“I am in no way optimistic but I remain a prisoner of hope”
~ Cornel West
Today I received an email from one of our Pacific Islander youth, the email is simple only a couple of lines, but piercing to the heart. She writes “I know you don’t know me and I understand if you don’t reply, but I have heard you speak a couple of times here in California and I have always wanted to ask you how you remain hopeful in this cruel world. I am only 16 years old and I feel like I was born into a world that was not made for people who look like me. I am half Samoan and half black and in my world that equals not fully human. My parents tell me that my life has just begun but why do I feel like its ending?”
What does one say to a young person who fully recognizes the injustices that are targeting her very existence in this world? How does one begin to make sense of the harsh realities that she was born into simply by being brown, black, female and living in America, yet yearning for her to remain hopeful enough to continue living and to actualize her grandparent’s legacy, her parent’s sacrifices and her own desires and dreams? The paradoxes and contradictions that our young people face on a daily basis are daunting. On a good day they are referred to as the “chosen generation” on the very same day they are often called the “lost/destructive generation” but regardless of how we choose to define them, one thing is for sure, they are undoubtedly the “next generation”!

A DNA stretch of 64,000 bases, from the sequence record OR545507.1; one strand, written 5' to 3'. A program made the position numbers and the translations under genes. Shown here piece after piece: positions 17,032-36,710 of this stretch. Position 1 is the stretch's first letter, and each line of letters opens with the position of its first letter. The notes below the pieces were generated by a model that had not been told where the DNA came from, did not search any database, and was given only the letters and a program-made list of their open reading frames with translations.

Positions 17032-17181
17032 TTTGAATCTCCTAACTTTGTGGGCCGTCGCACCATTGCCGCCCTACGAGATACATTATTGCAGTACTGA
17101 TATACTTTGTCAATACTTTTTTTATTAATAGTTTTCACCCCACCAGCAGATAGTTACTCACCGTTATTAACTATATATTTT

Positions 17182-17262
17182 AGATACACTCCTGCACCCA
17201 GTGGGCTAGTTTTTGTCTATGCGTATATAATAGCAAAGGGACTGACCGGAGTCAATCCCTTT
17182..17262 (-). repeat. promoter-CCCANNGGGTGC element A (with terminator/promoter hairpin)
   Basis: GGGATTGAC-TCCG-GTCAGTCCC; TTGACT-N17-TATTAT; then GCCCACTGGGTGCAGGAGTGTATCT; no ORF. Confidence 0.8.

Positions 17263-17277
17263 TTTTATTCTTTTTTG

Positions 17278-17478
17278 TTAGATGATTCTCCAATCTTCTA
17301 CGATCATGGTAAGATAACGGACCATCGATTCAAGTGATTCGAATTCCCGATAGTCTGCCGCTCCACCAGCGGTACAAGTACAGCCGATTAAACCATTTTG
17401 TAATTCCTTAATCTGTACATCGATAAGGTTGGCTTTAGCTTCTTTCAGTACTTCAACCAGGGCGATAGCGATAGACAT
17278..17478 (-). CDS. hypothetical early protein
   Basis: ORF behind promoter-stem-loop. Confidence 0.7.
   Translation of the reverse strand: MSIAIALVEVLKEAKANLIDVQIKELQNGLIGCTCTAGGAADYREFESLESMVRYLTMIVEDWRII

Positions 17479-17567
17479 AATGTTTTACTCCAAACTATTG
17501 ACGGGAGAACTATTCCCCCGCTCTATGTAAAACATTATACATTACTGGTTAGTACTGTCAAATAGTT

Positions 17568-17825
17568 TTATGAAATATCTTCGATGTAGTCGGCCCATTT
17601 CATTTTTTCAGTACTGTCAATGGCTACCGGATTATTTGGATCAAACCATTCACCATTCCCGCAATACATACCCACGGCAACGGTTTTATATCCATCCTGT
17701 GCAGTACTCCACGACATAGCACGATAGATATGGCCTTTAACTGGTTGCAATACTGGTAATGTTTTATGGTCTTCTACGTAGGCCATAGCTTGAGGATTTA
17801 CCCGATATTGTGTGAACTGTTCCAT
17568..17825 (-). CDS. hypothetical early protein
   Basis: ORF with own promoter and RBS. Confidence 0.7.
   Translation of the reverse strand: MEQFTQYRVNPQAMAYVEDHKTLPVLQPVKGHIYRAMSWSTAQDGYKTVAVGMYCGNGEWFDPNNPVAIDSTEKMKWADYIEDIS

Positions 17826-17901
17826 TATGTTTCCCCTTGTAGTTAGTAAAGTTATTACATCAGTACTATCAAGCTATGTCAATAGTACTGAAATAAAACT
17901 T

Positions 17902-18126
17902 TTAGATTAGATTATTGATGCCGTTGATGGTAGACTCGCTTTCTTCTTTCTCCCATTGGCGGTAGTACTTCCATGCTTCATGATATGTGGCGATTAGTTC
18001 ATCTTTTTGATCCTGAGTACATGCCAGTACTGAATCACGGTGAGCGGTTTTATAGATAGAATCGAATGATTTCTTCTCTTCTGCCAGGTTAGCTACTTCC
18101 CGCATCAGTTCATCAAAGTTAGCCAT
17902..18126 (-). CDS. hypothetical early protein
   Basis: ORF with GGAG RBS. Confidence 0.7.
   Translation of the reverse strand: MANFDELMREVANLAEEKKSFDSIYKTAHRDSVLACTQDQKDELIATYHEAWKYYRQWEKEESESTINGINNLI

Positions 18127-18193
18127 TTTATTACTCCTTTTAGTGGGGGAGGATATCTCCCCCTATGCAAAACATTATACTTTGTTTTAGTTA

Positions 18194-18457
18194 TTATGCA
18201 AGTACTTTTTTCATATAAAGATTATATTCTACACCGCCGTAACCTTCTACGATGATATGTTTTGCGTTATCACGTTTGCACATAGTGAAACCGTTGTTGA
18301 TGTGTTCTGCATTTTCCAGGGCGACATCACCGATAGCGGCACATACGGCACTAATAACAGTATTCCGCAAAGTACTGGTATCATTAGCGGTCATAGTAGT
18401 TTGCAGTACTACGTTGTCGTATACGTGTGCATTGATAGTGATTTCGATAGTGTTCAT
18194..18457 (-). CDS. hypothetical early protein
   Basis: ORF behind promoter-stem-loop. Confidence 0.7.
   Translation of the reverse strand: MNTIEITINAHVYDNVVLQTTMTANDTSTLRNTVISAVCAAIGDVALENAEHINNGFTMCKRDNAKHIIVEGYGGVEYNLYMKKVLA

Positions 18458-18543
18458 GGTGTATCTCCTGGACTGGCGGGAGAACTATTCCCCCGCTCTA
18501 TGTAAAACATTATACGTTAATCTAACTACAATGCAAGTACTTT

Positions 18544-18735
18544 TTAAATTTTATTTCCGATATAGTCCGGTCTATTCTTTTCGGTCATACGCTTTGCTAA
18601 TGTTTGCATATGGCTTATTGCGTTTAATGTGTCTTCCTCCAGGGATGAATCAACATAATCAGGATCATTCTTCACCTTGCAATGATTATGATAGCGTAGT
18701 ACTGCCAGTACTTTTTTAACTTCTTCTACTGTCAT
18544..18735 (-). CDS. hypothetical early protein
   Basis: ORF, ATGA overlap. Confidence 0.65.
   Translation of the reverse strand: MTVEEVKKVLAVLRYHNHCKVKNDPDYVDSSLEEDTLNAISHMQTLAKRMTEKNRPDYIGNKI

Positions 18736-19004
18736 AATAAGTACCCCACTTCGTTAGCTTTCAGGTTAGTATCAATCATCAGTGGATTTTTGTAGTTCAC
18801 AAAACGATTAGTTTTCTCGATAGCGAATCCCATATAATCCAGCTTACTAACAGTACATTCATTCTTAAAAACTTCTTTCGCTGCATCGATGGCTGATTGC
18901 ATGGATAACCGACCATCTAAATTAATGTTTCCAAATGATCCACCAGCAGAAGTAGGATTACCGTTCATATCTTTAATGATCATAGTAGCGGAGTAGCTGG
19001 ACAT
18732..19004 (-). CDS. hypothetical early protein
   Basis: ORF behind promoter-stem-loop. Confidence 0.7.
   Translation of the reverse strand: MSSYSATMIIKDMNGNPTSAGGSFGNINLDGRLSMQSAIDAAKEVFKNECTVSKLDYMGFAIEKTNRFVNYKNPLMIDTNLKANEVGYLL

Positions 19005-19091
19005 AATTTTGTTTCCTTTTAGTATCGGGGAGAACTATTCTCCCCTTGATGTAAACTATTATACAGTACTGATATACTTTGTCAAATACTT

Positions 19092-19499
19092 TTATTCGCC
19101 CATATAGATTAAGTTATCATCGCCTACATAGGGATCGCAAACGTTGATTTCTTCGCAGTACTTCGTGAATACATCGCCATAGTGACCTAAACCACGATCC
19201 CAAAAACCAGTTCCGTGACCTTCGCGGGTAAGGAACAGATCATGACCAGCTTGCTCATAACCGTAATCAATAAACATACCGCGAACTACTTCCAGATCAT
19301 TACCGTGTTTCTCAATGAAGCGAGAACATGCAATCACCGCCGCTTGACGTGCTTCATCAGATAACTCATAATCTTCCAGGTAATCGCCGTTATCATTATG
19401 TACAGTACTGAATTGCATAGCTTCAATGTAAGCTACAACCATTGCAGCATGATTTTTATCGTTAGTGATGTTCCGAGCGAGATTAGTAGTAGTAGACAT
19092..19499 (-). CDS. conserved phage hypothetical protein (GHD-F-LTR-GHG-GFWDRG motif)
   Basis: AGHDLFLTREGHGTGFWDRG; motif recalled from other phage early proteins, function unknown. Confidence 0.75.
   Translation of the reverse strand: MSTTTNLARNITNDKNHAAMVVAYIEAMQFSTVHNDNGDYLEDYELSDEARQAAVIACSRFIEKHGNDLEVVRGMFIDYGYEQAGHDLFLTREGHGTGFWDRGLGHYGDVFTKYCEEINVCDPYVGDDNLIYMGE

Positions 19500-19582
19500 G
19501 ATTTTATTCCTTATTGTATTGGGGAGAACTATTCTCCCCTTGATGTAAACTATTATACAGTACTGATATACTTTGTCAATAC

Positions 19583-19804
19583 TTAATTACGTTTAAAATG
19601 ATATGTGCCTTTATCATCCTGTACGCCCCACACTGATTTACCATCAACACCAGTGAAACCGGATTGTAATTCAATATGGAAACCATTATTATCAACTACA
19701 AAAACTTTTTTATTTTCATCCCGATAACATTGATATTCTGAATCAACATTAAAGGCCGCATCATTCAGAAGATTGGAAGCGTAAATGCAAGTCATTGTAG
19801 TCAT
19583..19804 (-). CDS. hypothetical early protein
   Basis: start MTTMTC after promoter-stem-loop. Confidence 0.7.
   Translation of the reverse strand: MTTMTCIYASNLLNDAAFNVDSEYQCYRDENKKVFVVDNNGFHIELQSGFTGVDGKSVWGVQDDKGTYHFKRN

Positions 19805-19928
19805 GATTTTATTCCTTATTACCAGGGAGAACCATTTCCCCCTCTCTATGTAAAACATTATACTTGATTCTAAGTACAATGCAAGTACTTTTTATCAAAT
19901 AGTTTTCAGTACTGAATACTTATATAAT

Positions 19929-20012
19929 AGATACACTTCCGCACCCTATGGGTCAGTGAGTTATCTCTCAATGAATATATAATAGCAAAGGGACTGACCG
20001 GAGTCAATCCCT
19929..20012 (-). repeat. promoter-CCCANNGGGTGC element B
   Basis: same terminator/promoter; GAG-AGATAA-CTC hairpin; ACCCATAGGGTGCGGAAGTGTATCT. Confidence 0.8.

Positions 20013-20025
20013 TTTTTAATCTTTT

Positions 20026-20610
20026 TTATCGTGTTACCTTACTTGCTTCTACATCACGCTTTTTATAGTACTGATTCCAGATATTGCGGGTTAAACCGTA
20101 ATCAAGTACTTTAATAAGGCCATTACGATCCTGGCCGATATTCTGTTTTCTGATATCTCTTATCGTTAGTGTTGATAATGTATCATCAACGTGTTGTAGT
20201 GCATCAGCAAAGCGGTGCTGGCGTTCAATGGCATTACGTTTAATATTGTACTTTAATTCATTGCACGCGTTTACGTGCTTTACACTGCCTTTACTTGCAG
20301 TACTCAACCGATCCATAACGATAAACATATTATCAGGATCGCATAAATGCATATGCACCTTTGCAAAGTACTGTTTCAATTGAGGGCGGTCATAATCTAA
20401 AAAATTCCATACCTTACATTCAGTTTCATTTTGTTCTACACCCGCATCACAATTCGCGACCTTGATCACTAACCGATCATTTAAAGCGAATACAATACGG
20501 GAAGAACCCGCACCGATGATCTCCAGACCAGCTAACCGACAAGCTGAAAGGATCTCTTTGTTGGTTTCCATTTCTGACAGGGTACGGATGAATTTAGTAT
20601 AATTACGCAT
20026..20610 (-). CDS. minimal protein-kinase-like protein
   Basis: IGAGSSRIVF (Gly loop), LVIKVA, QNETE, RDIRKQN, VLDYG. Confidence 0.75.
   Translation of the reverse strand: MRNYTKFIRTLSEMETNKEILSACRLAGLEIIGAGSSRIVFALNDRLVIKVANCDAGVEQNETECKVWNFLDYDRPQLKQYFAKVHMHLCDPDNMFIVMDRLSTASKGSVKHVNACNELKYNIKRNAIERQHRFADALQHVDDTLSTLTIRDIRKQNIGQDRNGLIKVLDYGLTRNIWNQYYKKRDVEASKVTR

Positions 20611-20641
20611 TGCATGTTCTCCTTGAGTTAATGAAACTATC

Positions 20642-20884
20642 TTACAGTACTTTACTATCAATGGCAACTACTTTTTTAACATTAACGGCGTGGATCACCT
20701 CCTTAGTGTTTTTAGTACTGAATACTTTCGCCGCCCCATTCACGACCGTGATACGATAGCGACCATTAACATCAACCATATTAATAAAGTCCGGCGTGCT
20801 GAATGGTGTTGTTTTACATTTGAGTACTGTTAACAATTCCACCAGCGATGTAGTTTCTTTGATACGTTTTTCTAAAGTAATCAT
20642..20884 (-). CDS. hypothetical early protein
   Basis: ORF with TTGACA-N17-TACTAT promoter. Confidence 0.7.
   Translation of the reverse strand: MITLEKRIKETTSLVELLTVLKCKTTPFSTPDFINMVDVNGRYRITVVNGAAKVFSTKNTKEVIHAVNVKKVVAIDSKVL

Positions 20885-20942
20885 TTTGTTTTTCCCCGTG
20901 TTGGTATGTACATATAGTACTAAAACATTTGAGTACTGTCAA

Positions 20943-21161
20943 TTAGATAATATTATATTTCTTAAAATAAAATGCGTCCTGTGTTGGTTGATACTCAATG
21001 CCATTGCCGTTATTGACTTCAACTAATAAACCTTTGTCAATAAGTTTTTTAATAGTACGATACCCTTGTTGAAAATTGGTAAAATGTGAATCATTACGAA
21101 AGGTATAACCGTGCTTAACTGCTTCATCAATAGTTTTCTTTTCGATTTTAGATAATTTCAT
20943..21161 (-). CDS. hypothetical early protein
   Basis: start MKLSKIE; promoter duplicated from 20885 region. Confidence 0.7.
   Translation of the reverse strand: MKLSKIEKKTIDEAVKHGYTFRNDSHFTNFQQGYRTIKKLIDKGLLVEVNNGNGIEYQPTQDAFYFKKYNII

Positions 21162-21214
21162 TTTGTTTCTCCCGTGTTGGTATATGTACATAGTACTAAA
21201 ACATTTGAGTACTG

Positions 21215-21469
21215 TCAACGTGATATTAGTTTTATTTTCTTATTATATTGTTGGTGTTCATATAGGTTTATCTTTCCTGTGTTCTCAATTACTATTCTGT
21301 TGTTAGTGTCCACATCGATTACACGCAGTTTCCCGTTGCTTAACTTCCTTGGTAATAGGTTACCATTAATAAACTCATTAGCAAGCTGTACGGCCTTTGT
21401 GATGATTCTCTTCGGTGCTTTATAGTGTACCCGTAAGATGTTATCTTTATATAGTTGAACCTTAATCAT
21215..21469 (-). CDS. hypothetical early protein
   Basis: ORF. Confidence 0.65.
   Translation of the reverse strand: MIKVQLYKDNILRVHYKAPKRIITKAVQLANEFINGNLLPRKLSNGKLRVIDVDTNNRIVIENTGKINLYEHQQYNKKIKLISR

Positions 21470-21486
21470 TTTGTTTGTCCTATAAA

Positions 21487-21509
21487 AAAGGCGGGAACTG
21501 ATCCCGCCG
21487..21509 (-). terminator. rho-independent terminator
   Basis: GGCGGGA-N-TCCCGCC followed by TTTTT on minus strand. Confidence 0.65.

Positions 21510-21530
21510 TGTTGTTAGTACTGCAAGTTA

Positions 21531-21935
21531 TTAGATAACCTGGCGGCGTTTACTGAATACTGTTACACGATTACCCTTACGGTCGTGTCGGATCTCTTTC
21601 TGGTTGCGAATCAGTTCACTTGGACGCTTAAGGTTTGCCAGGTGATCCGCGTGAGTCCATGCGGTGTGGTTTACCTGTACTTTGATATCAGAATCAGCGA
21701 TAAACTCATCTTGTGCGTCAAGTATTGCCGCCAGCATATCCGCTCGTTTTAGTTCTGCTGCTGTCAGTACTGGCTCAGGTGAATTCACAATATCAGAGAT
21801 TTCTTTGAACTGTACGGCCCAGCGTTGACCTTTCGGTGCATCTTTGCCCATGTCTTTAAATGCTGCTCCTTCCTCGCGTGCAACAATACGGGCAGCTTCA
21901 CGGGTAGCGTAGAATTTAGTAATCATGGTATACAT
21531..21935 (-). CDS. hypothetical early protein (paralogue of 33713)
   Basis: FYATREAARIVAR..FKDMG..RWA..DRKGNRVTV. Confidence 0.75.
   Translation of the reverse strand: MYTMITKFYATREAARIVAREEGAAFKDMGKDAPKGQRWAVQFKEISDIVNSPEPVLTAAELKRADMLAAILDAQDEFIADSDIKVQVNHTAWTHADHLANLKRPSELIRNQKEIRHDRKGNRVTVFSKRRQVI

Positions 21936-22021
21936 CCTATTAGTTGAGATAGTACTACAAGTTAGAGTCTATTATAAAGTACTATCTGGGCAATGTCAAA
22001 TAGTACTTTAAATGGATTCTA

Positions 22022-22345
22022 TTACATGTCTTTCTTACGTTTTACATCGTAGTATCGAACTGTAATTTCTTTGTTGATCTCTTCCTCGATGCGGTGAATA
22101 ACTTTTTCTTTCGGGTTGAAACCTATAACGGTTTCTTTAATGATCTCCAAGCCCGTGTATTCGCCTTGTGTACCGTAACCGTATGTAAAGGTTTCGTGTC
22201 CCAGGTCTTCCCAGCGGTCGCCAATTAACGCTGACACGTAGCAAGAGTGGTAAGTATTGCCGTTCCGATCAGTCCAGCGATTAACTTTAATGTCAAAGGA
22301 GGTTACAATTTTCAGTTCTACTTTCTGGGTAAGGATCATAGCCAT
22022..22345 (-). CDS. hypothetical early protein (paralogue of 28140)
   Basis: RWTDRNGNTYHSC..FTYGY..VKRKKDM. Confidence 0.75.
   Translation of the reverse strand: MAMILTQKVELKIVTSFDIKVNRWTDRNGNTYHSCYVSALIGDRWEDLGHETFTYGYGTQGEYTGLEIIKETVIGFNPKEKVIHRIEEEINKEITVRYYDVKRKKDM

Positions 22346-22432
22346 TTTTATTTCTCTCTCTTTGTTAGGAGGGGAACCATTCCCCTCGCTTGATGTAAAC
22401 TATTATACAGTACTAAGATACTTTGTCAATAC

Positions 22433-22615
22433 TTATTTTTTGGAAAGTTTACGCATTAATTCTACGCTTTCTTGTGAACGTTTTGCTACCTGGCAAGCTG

I have no idea who this young woman is, but somehow her pain is familiar, so familiar that I can name it and feel it. We have become so desensitized in many ways to the pain that young people have to go through on a daily basis, that we have become blinded to it, insomuch that we have accepted it as the norm for young Pacific Islanders. We often place all the blame on them not realizing the ways in which we have contributed and created the situations they now find themselves in.